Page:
The Alexander Valley, shaped by gentle rolling hills and dotted with trees, has its own unique spirit, tied to the intimate wineries that find their home here. Among these is the newest addition to the family-owned label Silver Oak, with tasting rooms, a wine cellar, and production facilities designed by Piechota Architecture.
Silver Oak is seated gently in its site; from a distance, all but its metal, gabled roofs are hidden by the tall rows of vines. The shape references the dominant barn form of the area, here reduced to its simplest clarity. With no overhangs, the metal roof almost disappears as you face the buildings directly, and instead the architecture is dominated by the deep tones of the exterior walls.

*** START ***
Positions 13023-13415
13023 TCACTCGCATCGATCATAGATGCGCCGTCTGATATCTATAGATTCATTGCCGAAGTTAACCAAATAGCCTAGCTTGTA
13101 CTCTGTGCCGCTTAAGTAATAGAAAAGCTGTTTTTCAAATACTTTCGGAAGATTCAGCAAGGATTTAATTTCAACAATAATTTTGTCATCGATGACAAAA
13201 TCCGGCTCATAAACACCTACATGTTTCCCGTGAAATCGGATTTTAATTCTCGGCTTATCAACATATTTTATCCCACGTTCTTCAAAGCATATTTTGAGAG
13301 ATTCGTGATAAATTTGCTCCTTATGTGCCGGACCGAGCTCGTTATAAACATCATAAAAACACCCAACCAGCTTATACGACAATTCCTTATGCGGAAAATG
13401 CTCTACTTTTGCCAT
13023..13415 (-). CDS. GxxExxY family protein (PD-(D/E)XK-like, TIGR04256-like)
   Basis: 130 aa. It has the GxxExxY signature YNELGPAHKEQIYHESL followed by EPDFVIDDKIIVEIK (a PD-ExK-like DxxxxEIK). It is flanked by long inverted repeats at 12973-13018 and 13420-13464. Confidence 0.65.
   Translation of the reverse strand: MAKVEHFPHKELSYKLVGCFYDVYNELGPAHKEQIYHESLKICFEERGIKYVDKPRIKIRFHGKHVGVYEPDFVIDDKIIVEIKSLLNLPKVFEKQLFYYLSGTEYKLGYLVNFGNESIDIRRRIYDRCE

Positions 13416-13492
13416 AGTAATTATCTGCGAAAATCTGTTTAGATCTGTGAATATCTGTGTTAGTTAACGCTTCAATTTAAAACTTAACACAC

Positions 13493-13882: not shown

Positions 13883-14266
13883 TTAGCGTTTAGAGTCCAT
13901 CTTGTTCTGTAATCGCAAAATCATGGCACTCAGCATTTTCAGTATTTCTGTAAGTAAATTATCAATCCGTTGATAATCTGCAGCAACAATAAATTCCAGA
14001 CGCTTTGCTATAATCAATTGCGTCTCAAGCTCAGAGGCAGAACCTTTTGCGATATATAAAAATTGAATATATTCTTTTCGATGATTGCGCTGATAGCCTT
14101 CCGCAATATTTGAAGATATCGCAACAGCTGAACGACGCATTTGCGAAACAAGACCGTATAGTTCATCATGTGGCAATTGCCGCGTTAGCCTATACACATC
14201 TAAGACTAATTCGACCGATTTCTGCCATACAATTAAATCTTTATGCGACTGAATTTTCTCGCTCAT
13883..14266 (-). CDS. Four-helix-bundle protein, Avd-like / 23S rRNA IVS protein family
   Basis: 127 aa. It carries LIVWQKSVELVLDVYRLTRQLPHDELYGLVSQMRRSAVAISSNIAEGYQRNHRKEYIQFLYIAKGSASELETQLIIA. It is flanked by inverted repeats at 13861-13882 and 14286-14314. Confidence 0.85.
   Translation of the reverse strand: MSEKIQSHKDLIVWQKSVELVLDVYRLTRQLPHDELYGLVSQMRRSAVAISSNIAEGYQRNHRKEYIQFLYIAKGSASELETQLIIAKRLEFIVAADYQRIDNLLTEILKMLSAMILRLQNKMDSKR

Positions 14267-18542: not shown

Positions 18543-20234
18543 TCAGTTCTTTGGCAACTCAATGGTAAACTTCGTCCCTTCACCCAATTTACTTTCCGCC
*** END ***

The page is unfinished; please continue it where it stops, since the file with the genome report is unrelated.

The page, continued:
Materially, the project weaves in the unique character of its site and history into this pure form. These exterior walls are made from 100-year-old wine tanks from Mondavi, one of the valley’s pioneers in winemaking, and inside, the entry stair in the production department is built from the wood of oak wine barrels, the red stains purposefully left. The scent of wine permeates the space, until you step outside, when the scent of herbs from the raised gardens fills the breeze. Thinking of the central role water plays in the region, the near-net-zero-water facility is cut through by a reflective pool running alongside the tasting room; on sunny days, the pool reflects the landscape and architecture, bringing the project’s many layers of articulation – gravel, concrete, tree, siding, grass, glass, wood – together on a single plane.